It belongs to the Rosaceae family and comes from Southeast Asia. It is one of the most widespread and cultivated fruit trees in the world, due to its nutritional value, easy adaptation to different climates and the quality of the products obtained in the processing industry: juice, cider, unfermented musts, brandies, jams, sweets and jellies.
The world’s largest apple production is in China, the United States, France, Italy and Turkey.
The apple adapts to a wide variety of climates, the best conditions being warm days, cold nights and high radiation. It requires about 1000 chilling units and about 150 frost-free days. The limiting factor for the cultivation of apple trees in southern areas is the lack of cold. It is frost resistant but its fruit is damaged when temperatures fall below -3ºC. As it flowers later than other deciduous crops, the risk of freezing is lower.
It is less demanding than the pear tree as it adapts to a wide variety of soils, the ideal being well-drained, medium soils with a pH of around 6. It is relatively tolerant of chalky soils and the wide range of rootstocks makes it suitable for planting in many soils.
The planting frame varies depending on the variety, the most common being for traditional varieties: 5 x 6 m or 6 x 7 m and in small modern varieties, the planting frame is usually 2.5 x 4.0 m: 1,000 – 2,300 trees per hectare.
There are several methods for estimating water demand:
Soil water status, sap flow and growth rate are often measured to determine the water requirements of the crop. Lack of water during fruiting leads to a decrease in fruit size, while a deficit in the setting stage causes fruit to drop.
For small tree crops, drip irrigation is used with one or two laterals per row and a dripper spacing of 0.6 m. In larger tree crops, where the spacing between trees is greater, sprinklers or mini-sprinklers can also be used. Watering should be abundant as soon as the tree starts growing and sprinklers are often used as a means of preventing frost.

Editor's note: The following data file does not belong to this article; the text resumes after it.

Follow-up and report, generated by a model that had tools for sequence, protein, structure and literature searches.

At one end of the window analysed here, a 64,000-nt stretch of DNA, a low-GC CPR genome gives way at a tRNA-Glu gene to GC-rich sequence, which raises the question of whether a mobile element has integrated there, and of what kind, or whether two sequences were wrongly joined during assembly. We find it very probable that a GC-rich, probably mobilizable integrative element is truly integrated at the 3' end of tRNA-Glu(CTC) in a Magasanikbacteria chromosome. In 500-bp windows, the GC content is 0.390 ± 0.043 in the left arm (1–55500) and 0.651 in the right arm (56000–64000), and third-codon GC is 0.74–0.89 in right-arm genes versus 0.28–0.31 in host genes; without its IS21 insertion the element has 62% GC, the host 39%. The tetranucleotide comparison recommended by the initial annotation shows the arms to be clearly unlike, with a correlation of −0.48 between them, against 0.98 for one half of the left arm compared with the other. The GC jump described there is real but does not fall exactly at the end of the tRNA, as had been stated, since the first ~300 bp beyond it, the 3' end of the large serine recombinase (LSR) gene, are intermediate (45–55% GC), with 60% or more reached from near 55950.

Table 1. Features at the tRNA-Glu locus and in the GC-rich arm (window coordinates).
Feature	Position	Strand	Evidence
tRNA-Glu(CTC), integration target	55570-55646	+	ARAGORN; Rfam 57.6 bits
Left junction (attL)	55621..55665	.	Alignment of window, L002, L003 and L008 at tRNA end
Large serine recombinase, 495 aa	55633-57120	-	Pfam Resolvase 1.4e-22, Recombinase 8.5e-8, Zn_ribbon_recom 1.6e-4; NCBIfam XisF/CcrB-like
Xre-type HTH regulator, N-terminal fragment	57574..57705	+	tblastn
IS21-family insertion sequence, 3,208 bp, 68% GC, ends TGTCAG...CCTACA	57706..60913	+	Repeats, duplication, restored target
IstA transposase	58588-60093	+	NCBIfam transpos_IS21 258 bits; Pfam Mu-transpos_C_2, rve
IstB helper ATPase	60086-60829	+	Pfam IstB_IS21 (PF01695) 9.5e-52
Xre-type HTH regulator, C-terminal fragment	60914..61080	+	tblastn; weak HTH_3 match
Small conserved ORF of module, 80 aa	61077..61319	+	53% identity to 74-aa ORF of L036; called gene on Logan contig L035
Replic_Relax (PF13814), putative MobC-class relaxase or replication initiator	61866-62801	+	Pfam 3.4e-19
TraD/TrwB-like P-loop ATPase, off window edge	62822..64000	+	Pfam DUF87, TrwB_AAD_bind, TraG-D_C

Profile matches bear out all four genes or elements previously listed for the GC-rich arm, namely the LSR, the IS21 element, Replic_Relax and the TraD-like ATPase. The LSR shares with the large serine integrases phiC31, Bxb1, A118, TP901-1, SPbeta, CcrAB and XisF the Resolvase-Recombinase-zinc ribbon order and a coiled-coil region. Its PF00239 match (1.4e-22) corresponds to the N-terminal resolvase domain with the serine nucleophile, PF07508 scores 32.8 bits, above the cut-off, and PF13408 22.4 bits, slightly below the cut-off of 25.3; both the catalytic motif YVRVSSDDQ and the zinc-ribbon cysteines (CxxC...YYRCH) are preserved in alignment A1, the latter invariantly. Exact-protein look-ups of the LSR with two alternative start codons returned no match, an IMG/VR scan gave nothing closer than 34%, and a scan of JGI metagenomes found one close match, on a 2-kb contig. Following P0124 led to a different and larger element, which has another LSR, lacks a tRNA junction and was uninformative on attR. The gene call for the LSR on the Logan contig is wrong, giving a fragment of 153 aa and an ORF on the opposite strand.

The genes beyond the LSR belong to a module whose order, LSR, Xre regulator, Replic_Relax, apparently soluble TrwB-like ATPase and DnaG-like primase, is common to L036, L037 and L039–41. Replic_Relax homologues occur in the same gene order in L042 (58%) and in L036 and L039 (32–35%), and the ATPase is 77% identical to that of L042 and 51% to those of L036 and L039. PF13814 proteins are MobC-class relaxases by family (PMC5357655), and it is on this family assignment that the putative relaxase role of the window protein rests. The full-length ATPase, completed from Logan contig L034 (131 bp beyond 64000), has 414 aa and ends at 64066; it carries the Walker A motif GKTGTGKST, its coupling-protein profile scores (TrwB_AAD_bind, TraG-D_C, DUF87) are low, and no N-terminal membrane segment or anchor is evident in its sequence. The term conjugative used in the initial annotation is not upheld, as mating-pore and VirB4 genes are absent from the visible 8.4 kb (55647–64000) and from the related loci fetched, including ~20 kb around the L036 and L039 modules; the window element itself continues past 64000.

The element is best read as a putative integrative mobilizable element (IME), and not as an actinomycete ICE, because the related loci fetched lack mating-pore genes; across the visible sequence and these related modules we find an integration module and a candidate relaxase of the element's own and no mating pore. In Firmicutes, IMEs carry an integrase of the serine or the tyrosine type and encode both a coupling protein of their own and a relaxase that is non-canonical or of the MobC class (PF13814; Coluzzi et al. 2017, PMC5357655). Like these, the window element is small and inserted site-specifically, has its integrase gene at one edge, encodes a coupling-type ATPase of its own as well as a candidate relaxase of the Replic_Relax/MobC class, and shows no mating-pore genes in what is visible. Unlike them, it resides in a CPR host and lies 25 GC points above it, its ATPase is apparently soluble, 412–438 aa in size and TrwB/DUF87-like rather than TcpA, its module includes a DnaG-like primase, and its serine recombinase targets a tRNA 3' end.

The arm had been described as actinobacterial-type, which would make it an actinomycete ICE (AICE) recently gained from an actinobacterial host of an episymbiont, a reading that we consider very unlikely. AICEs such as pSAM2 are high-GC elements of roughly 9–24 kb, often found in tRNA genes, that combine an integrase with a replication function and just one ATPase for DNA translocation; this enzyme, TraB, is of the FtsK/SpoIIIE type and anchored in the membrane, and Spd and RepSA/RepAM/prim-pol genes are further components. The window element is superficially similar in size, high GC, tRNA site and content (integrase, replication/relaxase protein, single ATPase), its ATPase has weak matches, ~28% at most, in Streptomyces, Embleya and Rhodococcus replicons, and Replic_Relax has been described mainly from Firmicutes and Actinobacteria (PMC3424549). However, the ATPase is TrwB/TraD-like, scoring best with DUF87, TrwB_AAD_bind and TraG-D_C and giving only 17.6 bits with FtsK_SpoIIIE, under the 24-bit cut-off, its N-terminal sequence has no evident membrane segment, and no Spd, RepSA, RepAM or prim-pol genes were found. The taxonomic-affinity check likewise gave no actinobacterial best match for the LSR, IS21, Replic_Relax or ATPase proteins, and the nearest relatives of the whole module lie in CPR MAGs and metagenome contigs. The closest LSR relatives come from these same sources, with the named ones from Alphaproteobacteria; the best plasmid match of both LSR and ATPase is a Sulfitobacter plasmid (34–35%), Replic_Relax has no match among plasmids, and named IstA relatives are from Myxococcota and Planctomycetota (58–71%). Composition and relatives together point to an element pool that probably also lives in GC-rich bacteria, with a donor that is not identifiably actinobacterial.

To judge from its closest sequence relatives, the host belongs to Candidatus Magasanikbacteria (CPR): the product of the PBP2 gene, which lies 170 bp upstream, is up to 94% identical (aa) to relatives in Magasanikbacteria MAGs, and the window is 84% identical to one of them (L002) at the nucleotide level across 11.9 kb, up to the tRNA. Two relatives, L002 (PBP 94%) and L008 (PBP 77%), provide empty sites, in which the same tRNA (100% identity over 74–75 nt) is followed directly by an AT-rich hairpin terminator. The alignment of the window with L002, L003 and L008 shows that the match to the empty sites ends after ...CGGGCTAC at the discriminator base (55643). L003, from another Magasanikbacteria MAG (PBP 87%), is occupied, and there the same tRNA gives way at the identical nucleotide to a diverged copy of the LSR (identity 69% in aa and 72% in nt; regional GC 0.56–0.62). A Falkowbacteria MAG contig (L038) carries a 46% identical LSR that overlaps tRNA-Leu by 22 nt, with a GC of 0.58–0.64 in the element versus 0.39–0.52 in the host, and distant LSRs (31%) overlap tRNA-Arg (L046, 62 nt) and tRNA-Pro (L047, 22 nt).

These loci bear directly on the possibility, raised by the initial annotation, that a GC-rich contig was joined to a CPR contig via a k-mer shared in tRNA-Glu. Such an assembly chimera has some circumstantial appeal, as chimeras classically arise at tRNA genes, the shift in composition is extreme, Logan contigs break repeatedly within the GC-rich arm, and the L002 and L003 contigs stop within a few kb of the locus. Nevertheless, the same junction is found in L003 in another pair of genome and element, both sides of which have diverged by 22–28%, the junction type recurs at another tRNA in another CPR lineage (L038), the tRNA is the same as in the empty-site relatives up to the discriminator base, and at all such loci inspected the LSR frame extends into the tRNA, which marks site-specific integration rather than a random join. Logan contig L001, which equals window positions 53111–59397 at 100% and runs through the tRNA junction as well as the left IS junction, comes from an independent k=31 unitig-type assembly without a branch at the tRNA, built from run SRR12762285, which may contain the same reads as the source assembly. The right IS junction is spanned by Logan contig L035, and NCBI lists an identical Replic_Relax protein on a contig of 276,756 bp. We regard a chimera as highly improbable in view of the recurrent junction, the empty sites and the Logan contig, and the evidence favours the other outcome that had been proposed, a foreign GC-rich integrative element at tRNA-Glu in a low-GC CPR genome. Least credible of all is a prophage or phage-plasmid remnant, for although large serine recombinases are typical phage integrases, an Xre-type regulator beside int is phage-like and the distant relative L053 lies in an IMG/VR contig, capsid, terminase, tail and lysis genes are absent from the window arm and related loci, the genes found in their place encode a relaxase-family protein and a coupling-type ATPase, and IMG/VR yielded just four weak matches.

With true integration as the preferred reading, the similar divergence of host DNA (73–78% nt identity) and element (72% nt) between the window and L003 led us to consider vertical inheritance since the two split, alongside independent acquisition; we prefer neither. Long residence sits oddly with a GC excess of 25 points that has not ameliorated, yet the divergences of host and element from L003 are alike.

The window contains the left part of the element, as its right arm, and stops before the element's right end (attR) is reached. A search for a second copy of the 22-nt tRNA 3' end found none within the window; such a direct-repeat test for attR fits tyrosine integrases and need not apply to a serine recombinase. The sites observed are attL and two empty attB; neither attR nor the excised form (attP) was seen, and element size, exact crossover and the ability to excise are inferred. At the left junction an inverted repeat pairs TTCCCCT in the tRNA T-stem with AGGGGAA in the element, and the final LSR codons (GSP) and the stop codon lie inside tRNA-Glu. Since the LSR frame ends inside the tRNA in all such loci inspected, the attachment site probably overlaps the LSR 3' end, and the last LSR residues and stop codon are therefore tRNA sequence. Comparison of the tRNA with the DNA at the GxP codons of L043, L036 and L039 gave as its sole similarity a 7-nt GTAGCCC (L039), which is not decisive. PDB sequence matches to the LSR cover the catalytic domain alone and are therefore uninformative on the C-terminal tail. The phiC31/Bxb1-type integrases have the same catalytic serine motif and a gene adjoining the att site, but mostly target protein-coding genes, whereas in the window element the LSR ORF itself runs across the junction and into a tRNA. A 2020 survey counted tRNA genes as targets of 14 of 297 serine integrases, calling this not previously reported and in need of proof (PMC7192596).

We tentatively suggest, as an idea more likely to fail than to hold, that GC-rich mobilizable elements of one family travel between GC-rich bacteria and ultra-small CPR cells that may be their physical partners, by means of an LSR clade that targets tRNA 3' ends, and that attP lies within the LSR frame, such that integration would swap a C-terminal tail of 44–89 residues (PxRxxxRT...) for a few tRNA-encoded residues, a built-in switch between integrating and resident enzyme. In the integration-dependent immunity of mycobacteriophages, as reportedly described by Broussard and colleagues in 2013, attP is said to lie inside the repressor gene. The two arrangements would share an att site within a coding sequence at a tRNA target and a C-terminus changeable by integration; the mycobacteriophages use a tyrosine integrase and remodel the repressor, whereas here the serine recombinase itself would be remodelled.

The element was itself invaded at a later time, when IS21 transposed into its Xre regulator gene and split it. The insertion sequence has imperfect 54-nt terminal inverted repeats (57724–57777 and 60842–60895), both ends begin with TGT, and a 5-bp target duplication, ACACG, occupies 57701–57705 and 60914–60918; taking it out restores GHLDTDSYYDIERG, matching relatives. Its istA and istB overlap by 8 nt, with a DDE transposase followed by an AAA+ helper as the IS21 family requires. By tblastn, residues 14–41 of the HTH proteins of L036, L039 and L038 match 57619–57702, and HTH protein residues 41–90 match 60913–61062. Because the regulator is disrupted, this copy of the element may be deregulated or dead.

Emitter pipe selection: A wide range of products to ensure the right choice of emitter pipe. The combination of emitter model, unit flow rate and spacing between them not only guarantees the supply of the planned allocations in the irrigation strategy, but also ensures a large volume of moist soil available for root development in both localised surface irrigation and RGS.
Digital Farming: Together with the appropriate selection of the emitter pipe, the use of AZUD QGROW equipment for the precise management of water and nutrient inputs, with the information coming from soil, plant and climate sensors allows:
Good root system development in the early stages of the crop and proper irrigation practice after crop production begins.
Irrigation management aimed at avoiding high soil moisture contents and high EC values to which citrus is highly sensitive.
Guaranteeing the water and nutrient inputs that, under the existing soil and climatic conditions, will enable the planned production objective to be achieved, allowing high yields with the highest quality standards (fruit size and sugar content).
Performing specific irrigation practices autonomously conditioned by the type of irrigation: localised surface irrigation or SDI.